Once Works Well was pure technology. Now it seeks merely to divert.
Pansy subjects - Verse! Opera! Domestic trivia! - are now commonplace.
The 300-word limit for posts is retained. The ego is enlarged

Monday, 31 January 2011

And there the snake throws her enamell'd skin

The day of the new car.

First the old car must be purged. No problem remembering the satnav or the bags of dried apricots in my door pocket. But how about sunglasses hidden in a trapdoor in the roof or the £1 and €1 coins kept for trolley hire at Sainsbury and Super U respectively. Plus those spare bulbs the French government insists I carry. What I almost missed were seat-belt pads to protect the breasts and shoulders of women using the back seats.

It’s a nice trip. The Ross-on-Wye road for eight miles, then a detour stopping short of Symonds Yat where the Wye wends past a heart-stopping cliff overlooked by a pair of nesting peregrines. To Monmouth with its statue of Henry V, across the Wye, swing left from the Chepstow road (possibly the most beautiful in Britain, hugging the Wye and skirting Wordsworth’s Tintern Abbey) and on through the Forest of Dean where yellow tape round tree trunks signals protest against the Tories’ plan to sell off the woodlands.

To Cinderford which matches its name but is redeemed by the brisk good humour of the woman receptionist at Winner Garages. Our new car, the same make and model as its predecessor, stands out on the forecourt, not being caked with frost. In four years minor design faults (especially the computer display) have been tweaked and the new bolide feels taut and eager.

NEW NOVEL Should I record the miniscule progress? Yesterday, weaving in recent research meant a para and a half (say about 150 words) took nearly two hours. Why? Research should look casual, throwaway, unsweated.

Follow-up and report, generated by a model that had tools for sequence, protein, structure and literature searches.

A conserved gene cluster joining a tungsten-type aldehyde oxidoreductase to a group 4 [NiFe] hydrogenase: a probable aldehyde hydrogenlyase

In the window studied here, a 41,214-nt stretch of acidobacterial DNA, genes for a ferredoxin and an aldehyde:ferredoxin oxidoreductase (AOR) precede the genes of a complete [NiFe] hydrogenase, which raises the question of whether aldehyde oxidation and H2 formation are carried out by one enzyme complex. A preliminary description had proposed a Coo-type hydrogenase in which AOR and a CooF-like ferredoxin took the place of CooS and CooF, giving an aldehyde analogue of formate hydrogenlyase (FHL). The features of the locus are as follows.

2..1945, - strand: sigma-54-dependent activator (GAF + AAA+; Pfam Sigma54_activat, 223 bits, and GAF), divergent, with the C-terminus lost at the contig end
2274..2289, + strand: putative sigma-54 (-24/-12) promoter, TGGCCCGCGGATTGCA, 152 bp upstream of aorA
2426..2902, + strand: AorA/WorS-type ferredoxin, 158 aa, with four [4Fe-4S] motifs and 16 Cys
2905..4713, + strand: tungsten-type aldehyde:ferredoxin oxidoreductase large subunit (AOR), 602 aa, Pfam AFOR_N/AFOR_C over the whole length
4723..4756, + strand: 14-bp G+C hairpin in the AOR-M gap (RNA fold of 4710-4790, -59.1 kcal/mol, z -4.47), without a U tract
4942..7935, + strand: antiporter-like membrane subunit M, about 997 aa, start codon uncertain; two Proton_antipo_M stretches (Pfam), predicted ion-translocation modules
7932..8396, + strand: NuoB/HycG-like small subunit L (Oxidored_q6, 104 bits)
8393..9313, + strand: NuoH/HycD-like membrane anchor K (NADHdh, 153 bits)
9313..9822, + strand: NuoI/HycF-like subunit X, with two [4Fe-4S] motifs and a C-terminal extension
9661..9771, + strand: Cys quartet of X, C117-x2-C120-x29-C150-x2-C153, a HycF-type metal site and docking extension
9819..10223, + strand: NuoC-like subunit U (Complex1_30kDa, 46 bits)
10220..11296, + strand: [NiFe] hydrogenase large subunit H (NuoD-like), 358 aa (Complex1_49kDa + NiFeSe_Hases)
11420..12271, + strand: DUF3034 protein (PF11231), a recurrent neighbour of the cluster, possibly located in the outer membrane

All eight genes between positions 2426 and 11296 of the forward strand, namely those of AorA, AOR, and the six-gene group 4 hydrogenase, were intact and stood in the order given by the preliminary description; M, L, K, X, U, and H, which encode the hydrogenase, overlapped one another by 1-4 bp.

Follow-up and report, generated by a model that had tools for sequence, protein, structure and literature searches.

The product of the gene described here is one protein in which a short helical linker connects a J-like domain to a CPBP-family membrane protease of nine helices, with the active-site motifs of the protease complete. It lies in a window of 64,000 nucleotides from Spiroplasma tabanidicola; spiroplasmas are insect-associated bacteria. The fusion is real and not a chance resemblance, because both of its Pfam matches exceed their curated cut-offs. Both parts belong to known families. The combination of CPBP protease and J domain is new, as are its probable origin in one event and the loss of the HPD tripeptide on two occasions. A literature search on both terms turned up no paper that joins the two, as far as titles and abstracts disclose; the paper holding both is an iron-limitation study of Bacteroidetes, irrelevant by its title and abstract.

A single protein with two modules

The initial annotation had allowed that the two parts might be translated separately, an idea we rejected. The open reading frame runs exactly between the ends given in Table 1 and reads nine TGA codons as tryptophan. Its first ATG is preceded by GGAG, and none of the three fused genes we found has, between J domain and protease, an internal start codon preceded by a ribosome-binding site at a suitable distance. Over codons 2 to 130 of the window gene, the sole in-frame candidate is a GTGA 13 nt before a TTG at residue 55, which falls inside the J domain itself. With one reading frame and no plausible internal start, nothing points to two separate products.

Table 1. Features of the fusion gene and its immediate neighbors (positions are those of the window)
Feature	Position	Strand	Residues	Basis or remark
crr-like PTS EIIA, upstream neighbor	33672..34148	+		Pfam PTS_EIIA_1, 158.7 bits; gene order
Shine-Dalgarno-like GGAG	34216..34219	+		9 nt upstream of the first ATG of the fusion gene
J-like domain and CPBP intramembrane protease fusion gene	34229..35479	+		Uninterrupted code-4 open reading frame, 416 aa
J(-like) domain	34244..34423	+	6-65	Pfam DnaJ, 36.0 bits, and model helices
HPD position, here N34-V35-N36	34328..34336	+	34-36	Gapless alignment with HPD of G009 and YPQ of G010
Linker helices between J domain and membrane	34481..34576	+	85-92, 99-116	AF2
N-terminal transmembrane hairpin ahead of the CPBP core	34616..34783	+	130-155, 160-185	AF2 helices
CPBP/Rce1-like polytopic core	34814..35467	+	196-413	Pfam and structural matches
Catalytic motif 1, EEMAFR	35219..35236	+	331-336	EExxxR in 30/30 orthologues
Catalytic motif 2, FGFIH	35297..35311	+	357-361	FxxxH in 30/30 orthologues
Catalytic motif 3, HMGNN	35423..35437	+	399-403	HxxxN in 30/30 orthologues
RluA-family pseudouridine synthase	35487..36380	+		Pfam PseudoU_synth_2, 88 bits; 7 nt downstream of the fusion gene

herhimnbryn said...

That road trip paragraph has made me homesick!

DuchessOmnium said...

Oh, you make me a little sad! I was (it seems to me now, at least) a young woman when I last had a new car, 15 years ago.

As for the novel, I am sure you are right that research needs to look easy and throw away -- and that kind of casual doesn't come easy. Nevertheless, there isn't a lot more gratifying than happy tinkering with an almost finished bit of prose.

So, double congratulations. New wheels, new novel.

Avus said...

A lovely trip along the Wye Valley and into Gloucestershire, BB. I can understand HHnB's heimweh.(Western Oz must be somewhat arid with current temperatures in the lower 40s C)
"06" to "60" a smart new Skoda (my wife has had 4 of them, but not all at once). Now why did I think you were a Lexus man?
My SAAB is getting long in the tooth (02) and must be changed soon. I love it - the most comfortable car I have owned. However the financial climate and personal finances dictate something cheaper with lower overheads. An inevitable change that I am reluctant to make.

20th Century Woman said...

Ah, the stuff that inhabits cars: cough drops, old bread to feed the sea gull at the ferry landing, flashlights (torch that is) maps. Jerry almost always carries matches in his car -- except for the one time we really needed them.